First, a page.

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3,718 Posts
Discussion Starter · #1 ·
Thoughts on calling to a gobbler on roost?

I have been told not to that a smart gobbler will just stay up there until he sees the hen calling before flying down, wait until fly down.

Have also heard to call lightly to let him know you are there.

This morning I had one roosted & gobbling on his own, watched him fly down and then watched hens take him away up over the mountain. Thoughts on how you would have called to this one?

1,576 Posts
I like to use some soft tree yelps. I try not to do it before its getting light enough to shoot. Ive called a bit too early before and had the tom pitch down right in front of me and it was too dark to see exactly how big of a tom it was. I like to just le him know im there. Very soft yelps with a little bit of purring.

11,888 Posts
There's nothing wrong with giving a gobbler a few light tree yelps or light clucks while they're on the roost.However,I think the biggest mistake most hunters make is calling too much to them while they're on the roost.

I wouldn't have wasted much time on a gobbler with hens if the hens are content with taking the gobbler away.If possible,I'd simply come back to the same spot after 10:00am and hope he's alone.Either that or I'd come back the next morning and set up in the direction they walked to the previous morning.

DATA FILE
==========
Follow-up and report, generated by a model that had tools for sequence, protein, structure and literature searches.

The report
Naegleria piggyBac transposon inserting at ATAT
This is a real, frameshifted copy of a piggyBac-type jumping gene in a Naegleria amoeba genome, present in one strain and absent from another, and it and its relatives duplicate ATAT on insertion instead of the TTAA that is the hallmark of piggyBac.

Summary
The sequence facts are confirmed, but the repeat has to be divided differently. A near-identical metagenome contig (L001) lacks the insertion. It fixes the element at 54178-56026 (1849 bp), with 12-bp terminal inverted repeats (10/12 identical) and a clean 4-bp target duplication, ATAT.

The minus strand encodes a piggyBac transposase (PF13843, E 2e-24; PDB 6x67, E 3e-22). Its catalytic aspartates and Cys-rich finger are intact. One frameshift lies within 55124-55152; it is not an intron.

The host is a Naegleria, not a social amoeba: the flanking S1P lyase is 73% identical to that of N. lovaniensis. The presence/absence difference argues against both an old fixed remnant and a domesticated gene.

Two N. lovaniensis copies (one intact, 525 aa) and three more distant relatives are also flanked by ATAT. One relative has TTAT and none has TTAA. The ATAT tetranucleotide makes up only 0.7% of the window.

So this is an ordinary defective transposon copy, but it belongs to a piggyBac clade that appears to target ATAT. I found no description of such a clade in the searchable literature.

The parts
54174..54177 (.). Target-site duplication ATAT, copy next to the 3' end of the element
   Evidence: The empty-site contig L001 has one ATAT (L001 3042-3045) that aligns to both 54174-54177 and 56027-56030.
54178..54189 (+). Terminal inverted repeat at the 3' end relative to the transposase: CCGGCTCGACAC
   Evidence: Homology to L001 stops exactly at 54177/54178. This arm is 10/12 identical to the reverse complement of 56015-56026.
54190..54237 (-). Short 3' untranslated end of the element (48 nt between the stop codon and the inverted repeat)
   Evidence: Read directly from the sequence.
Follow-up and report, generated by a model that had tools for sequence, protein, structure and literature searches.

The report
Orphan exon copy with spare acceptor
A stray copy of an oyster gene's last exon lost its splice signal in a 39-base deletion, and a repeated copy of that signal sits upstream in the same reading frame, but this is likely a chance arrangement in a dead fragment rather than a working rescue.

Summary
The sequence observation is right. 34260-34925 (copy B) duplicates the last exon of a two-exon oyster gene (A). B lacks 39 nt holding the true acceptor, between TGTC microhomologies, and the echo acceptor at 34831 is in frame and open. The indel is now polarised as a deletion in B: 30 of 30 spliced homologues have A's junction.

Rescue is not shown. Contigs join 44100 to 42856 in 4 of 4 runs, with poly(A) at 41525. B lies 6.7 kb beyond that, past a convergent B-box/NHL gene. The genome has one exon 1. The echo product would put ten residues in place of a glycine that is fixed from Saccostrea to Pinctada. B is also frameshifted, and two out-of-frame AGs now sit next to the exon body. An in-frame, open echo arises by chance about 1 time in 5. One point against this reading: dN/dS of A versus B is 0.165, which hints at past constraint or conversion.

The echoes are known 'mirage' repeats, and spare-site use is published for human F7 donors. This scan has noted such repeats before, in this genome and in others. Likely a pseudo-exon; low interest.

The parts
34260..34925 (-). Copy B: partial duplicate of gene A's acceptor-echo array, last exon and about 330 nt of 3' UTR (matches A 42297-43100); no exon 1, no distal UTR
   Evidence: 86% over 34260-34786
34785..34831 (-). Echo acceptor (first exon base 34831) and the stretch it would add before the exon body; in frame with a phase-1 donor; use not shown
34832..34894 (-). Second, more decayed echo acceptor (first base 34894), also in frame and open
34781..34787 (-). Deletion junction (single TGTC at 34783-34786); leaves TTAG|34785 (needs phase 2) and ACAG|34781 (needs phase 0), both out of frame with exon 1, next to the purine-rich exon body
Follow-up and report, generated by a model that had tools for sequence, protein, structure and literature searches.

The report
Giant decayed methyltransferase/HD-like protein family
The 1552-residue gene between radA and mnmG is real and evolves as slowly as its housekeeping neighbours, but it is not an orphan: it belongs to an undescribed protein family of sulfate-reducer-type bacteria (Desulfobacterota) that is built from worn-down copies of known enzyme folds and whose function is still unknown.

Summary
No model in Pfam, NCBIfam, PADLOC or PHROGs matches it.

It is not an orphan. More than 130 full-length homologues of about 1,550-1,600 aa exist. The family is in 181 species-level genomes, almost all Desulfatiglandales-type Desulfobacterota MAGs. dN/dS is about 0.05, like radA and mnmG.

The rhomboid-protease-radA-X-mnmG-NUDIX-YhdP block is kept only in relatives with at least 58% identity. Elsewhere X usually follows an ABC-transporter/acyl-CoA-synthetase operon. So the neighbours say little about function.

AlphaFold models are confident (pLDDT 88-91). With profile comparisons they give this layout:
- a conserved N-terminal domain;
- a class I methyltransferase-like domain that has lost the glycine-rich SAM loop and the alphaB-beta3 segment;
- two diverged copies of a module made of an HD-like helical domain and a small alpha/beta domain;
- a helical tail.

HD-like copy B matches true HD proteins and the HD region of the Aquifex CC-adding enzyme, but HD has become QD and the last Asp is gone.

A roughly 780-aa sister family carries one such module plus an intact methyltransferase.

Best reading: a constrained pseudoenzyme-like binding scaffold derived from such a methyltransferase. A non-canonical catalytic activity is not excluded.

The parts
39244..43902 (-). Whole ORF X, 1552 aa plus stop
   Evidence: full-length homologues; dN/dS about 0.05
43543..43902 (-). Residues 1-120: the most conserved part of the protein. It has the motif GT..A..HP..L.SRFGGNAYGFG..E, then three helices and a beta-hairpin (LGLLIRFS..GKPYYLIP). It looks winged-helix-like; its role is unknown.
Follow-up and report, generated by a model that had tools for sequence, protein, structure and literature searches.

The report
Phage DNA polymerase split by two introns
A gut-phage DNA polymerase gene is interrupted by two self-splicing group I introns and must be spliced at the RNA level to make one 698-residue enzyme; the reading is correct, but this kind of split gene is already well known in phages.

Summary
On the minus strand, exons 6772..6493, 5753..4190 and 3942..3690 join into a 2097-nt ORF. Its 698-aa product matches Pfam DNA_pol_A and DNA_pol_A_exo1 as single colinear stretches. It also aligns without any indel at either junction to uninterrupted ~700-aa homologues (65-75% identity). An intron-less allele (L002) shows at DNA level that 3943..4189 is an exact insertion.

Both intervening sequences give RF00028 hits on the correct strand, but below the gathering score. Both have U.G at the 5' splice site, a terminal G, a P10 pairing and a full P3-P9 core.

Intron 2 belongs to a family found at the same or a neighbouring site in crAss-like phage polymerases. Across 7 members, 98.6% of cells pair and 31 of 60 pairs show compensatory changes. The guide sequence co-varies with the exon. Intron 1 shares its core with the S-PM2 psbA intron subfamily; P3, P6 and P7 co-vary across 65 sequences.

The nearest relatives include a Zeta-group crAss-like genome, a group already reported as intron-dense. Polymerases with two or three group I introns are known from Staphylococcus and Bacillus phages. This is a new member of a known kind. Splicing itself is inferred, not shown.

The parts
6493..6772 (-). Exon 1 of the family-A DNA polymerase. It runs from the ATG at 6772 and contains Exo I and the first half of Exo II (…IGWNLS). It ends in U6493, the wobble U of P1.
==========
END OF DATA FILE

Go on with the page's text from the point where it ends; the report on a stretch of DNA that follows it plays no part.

5,789 Posts
I'll usually give them some very muted 3 note yelps on the roost. Hens are often very vocal in the trees.
If hens take them the other way it's a tough row to hoe. I'll either get really mouthy with the hens or simulate a gobbler fight. The fighting purr is my all in move. It works often enough for me that I use it every time right before I give up.

If that doesn't work. Lace up your boots and get to where they are headed.

Super Moderator
12,348 Posts
All good advise and SOMETIMES works to perfection. I have tried all of those methods with some success..except the fighting purrs never tried it yet.

Nothing works every time. Another method is to flush the the gobbler and ALL the hens off the roost the night before or even that morning.

They will most likely call to get back together at or near the spot they were flushed. It is important that when you flush them they do not fly off together whereas, if they can get back together by sight they may not call or return to the flush location to reassemble.

If flushed in the morning I would not call until I hear them call which maybe an hour or two. If flushed the night before calling at first light from the flushed location may work.

If the hen(s) come in first (which has been the usual case) and the the gobbler is sounding off from some distance, you are certain he can not see the hen(s) off in the opposite direction of the gobbler. Wait a few minutes and make the exact same call the hen made that provoked the gobbler to gobble.

It is best to use this method when you are certain you are the only hunter in the area.

I first learned this technique in 1973 when in an attempt to set up on a roosted vocal gobbler I flushed 4 hens from their roost, but the gobbler did not flush or see me. He never gobbler again, sat for quite for 10 minute, flew to the ground under his roost, I made a couple of soft clucks and the mature gobbler strutted in on my location within 5-6 minutes or less.

If the gobbler fly's down to be with the hens the chances of calling him in at that setting is greatly deceased. I say this as yesterday I called in two curious hens with 20 feet of my location with three gobblers in tow. Unfortunately they were all Jakes.

Pick any one of the a fore mention methods on the RIGHT day and it will probably work....

Good luck be safe.
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